A dark, tense, revenge thriller about regret, betrayal, love and expression through art.
Based on the book Tony and Susan (written by Austin Wright), Nocturnal Animals follows Susan Morrow (Amy Adams) who receives a novel written and sent by her ex-husband Edward Sheffield (Jake Gyllenhaal), titled Nocturnal Animals, the story which conjures memories and feelings about their relationship Susan had forgotten since leaving him over a decade ago.
Tom Ford (writer and director), typically known as a fashion designer, has created an intricate and well crafted, dual non-linear narrative of the real life and the fictional story within the book which is ever intriguing and engaging as the stories develop.
Edward’s violent and relentless novel is a reflective metaphor of how he felt when Susan left him, and how he struggled to cope as they both changed in to very different people. It’s a clever construction and well presented by Ford, which provides added layers to the narrative with many different scenes and moments to pick at and deconstruct to find meaning or relevance.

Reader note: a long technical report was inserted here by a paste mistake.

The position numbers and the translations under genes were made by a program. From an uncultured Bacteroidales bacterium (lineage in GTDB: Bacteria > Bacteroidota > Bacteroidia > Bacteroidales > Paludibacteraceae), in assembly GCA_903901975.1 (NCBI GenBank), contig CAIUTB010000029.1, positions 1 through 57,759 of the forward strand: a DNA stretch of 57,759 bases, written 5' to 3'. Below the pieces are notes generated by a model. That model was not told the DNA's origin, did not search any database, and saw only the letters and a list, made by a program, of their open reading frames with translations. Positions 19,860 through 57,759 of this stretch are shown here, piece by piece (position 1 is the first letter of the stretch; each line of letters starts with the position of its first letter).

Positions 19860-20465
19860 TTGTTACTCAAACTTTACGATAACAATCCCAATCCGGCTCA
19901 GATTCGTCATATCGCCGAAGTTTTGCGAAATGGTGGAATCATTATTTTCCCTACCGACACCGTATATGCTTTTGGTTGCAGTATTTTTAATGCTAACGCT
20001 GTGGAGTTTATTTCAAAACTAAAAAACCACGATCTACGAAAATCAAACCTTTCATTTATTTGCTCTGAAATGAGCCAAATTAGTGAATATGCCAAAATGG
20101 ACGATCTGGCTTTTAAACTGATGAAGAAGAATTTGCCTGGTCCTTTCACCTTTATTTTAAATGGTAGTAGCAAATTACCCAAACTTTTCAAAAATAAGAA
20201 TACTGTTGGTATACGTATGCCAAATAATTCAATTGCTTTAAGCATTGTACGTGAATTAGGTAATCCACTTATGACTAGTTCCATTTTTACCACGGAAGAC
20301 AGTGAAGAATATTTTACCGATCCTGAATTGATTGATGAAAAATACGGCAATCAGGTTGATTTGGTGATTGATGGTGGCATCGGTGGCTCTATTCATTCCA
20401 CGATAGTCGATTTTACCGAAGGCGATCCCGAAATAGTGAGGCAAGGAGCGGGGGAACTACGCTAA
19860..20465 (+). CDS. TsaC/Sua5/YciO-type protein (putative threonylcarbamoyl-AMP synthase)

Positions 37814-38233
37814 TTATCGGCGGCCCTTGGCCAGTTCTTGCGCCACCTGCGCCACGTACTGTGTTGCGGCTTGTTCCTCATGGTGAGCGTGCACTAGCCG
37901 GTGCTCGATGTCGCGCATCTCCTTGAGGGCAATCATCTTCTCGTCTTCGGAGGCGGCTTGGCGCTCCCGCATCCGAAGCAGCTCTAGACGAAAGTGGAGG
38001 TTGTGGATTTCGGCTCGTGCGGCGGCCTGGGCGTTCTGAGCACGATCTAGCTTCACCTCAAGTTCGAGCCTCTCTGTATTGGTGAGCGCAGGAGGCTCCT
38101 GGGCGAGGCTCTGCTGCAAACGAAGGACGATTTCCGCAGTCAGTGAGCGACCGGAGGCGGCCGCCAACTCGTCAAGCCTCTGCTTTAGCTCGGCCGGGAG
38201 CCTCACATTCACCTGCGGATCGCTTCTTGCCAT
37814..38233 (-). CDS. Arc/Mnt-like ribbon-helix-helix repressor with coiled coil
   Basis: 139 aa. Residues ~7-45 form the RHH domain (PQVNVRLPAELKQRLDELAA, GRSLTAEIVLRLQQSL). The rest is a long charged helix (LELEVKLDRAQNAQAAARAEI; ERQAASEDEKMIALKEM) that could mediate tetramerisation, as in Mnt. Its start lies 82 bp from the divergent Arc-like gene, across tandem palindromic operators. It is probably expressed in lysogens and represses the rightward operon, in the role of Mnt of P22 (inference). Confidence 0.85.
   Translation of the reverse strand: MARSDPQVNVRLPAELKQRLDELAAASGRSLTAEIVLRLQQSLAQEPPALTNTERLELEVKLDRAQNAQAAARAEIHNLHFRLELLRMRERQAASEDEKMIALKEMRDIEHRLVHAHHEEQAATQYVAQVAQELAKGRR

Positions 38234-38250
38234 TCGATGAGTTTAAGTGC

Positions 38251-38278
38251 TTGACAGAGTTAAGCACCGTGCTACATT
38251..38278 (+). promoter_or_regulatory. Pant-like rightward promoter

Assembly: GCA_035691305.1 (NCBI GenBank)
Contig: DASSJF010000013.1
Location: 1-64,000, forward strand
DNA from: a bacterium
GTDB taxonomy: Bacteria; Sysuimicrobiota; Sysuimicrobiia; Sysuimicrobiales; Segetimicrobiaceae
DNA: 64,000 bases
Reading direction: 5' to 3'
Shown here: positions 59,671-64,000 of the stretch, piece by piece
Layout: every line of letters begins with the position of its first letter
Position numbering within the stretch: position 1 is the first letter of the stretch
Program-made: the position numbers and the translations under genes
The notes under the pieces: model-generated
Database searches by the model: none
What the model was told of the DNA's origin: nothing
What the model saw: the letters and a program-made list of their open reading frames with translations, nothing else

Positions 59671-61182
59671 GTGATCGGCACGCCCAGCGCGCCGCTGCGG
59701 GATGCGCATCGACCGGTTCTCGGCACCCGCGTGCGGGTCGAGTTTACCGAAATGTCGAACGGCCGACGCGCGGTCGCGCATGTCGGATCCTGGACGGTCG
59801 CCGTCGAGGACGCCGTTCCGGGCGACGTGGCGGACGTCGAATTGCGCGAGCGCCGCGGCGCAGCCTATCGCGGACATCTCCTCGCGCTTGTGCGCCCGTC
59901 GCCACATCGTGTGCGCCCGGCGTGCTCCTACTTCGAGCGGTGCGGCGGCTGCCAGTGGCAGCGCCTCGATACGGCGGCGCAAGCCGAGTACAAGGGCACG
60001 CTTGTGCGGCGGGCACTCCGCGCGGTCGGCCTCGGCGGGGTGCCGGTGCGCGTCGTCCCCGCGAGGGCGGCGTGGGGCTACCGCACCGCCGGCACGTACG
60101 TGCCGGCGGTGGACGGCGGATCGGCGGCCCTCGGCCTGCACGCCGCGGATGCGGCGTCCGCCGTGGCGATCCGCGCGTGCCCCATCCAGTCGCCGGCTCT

The haunting and tense nature adds to the unique flair of the film providing a gripping and engaging experience from start to finish as we discover more and more about these characters, their relationship and how it relates to the novel Edward has written.
Amy Adams and Jake Gyllenhaal are both very good in their roles, Amy feels genuinely uncomfortable in life, intrigued and disturbed by the novel as well as remorseful for her own actions. Jake (who also plays Tony, the main character in the novel) provides grit, emotion, regret and desire for vengeance very well also. Aaron Taylor-Johnson too provides a great performance as the main antagonist within the novel with his lies, abusive nature and general disturbing aura.
There’s certainly an ‘indie’ vibe to the film, however this word doesn’t make the film bad or too obscure, which is a common misconception. In this case, it means there’s a lot more layers, depth, significance in each frame, artistic style and darker themes to the film than the common Hollywood film. It’s very symbolic and metaphoric in its telling of the two stories and it doesn’t hand us everything on a plate, it requires some deciphering.